Andrzej Wojtczak distinguishes himself from a wide range of folk artists; he is fiercely independent and rebellious. He is one of the founders of the so-called kutnowski ośrodek rzeźbiarski (Kutno sculpture centre). He has been consistently developing his trademark high-class folk sculpture for more than forty years.
When he was a small child, Wojtczak used clay to make the model of a head: it was his first experience of moulding a solid mass. His artistic talents and sensitivity to art were revealed as early as in primary school. In 1975, Andrzej Wojtczak made his first public appearance as a creator of art; it was then that he displayed his works at a post-competition exhibition in the Museum of Łęczyca. His representations of the Pensive Christ, the Madonna, Pietà and saints with faces expressing sorrow, pain, dignity, seriousness or joy were almost instantly appreciated and acknowledged by the public. There were not many artists who could liven up wooden sculptures so evocatively.
Another extraordinary feature of Andrzej Wojtczak’s art is how he shapes and moulds the form. He is a real master of composition. His multi-figure works depicting Christmas, Falling Asleep, the Enthronement of the Blessed Virgin Mary, the Flight into Egypt and more are almost perfectly made. His renditions of sacred themes are notable for their original interpretations of the topics; they are clearly inspired by his own thoughts and reflections. The most characteristic examples here are his representations of the Last Supper, the Holy Family, different images of the Madonna as well as numerous saints and patrons. All these qualities of his art are further emphasised by the works’ gentle colours and the use of characteristic woodcarving techniques.
Andrzej Wojtczak is a precursor of certain thematic solutions in folk art, e.g. triptychs – an extremely characteristic feature of his works. He is a perfectionist when it comes to the depiction of content and mood in his sculptures. He is able to apply multiple modifications to his chosen topic until he reaches the desired result – the work that finally satisfies his artistic vision.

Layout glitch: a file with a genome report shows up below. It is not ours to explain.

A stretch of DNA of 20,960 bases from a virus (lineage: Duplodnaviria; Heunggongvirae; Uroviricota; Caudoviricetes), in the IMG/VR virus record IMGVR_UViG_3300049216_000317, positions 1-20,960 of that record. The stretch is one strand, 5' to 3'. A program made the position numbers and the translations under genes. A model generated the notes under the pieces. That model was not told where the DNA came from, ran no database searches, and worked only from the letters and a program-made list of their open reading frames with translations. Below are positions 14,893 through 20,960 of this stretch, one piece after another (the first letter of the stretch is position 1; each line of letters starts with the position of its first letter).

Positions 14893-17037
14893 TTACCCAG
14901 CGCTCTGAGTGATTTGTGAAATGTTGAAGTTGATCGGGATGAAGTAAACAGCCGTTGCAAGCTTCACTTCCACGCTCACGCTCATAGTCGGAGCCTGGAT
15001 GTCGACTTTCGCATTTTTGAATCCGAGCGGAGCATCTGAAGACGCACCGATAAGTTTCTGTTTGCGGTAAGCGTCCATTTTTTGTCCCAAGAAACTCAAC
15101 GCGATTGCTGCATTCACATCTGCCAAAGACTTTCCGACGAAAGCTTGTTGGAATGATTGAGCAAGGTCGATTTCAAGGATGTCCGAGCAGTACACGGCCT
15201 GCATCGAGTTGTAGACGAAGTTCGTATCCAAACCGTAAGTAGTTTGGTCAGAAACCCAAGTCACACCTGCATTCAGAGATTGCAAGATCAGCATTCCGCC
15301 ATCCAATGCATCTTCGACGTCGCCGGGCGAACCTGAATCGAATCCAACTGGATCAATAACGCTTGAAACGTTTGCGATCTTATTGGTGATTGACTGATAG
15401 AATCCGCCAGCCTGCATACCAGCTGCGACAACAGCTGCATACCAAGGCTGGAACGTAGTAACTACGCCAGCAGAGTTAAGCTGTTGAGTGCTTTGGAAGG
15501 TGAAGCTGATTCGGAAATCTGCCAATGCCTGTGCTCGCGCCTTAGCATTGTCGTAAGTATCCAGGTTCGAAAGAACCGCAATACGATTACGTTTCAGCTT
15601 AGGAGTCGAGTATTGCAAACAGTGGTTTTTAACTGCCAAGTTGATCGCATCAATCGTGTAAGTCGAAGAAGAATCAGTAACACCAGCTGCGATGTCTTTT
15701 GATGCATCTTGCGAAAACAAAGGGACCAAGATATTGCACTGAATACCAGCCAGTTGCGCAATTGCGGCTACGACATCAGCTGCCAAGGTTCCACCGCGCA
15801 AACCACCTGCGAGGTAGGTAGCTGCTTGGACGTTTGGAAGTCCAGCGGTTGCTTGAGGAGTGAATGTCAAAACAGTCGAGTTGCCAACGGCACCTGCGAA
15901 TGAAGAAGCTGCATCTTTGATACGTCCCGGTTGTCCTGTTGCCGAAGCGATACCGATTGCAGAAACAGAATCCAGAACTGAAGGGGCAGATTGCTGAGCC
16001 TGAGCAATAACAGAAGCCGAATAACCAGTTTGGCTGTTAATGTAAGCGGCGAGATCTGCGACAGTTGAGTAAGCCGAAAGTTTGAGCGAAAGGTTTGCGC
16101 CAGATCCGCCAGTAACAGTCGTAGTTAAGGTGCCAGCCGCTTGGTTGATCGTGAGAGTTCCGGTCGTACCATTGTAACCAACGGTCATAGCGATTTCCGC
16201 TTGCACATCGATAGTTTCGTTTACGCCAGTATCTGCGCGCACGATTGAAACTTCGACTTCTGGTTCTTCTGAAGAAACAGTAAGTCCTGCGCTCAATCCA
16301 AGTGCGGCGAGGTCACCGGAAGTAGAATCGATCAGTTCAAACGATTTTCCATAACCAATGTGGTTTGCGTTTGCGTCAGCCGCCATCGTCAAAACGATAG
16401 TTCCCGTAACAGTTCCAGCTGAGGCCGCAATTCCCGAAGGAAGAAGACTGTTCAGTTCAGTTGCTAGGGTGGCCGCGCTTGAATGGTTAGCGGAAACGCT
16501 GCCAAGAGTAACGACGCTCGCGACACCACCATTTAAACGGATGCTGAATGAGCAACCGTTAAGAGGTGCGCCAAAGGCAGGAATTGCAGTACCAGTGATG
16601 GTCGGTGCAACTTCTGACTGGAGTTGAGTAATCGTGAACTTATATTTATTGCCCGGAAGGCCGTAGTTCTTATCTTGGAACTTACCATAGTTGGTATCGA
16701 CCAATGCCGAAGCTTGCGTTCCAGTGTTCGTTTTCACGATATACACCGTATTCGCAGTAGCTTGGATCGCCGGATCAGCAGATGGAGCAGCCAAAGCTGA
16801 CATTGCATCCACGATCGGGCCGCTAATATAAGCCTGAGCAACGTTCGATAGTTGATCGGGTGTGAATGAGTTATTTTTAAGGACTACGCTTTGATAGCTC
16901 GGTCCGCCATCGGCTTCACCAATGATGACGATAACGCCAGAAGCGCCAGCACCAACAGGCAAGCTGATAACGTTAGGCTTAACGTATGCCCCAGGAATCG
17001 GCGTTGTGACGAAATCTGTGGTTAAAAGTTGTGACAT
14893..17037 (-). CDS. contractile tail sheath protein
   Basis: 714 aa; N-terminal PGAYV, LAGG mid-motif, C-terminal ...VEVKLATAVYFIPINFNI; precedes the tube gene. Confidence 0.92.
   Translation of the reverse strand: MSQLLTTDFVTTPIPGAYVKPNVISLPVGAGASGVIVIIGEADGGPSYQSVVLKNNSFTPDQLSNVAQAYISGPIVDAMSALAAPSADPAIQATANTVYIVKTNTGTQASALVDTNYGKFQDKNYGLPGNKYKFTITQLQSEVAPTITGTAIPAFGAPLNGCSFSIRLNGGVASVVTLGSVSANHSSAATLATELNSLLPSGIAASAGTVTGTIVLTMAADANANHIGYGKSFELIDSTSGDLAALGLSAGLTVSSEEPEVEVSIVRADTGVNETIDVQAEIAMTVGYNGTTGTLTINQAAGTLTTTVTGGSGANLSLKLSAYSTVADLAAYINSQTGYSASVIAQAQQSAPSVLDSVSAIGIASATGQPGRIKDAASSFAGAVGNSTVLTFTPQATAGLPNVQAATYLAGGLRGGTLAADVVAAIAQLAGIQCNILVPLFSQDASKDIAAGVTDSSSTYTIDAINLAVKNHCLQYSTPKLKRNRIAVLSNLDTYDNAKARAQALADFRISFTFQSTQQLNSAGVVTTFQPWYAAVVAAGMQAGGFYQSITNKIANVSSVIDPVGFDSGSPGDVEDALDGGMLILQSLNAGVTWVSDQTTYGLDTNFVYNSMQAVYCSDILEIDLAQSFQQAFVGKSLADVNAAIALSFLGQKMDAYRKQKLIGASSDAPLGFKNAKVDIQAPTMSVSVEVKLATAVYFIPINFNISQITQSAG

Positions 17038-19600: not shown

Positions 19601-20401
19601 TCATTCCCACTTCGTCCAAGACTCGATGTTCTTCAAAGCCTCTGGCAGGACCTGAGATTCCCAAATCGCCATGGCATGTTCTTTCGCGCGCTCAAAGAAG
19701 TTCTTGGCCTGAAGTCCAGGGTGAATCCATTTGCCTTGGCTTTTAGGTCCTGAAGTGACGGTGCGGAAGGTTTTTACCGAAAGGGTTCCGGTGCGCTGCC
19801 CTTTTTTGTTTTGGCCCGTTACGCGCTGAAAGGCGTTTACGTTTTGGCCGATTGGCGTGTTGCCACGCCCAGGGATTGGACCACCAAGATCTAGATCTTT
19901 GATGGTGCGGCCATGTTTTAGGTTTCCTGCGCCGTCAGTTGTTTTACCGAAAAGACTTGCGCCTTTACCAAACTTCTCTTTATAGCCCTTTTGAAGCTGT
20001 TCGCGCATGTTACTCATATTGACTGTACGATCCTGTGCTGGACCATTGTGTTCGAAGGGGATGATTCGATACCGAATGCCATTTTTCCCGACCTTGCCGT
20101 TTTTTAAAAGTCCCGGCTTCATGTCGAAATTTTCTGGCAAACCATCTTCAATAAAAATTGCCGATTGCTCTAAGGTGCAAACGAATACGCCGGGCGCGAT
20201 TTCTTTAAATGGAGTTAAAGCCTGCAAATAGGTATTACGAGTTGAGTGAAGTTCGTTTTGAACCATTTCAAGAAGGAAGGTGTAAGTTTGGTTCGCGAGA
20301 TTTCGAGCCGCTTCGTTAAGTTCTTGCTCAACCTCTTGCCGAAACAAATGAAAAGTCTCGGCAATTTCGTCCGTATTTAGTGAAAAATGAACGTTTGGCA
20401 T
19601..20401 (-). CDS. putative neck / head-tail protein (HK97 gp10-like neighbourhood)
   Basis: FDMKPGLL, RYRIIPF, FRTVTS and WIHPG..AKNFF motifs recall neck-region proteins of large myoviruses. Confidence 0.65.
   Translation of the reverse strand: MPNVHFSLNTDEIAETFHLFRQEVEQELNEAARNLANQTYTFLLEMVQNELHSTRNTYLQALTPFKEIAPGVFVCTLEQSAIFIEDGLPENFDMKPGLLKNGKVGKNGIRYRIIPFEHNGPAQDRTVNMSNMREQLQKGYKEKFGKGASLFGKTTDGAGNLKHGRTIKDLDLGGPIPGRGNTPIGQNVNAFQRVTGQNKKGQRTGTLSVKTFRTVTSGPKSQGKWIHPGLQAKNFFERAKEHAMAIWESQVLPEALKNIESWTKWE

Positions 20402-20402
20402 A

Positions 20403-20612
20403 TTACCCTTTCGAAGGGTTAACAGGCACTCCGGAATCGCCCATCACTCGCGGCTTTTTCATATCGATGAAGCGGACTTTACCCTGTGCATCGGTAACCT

Irrespective of the theme, whether it is drawn from traditional culture or demanded by the recipient, his works are always strikingly original, even when they deal with less frequent themes, such as historic events or colourful rural scenes. Andrzej Wojtczak’s inimitable style is also seen in his paintings, another important form of his artistic creation. Made initially on panel board and later on canvas, they conjure highly personal images of an extraordinary world of fairytales, magic and, sometimes, myth, unusual and tantalisingly familiar at the same time.
Andrzej Wojtczak began his cooperation with CEPELIA in the late 1970s and with museums and foreign art collectors in the 1980s. His sculptures can now be found in the most prestigious museums in Poland and in private collections throughout Germany, France, Switzerland and the United States.
The artist uses sculpture and painting to express the rich world of his imagination; using a chisel or a paintbrush, he is transferring his philosophy of life into a form of artistic creation. „You just have to be good and believe – that is all” – these words encapsulate his attitude to life, to which he has been faithful for so many years. „Always on the lookout for novel solutions” – that is, on the other hand, how he is described by his fellow artists and friends. The iconographic depictions that he has been developing for years can still surprise and inspire other artists.
Andrzej Wojtczak’s love of sculpture has been inherited by his daughter Magdalena, who is herself a talented folk artist.
source: Department of Cultural Legacy and Regional Folklore at the Łódź Cultural Centre (Łódzki Dom Kultury)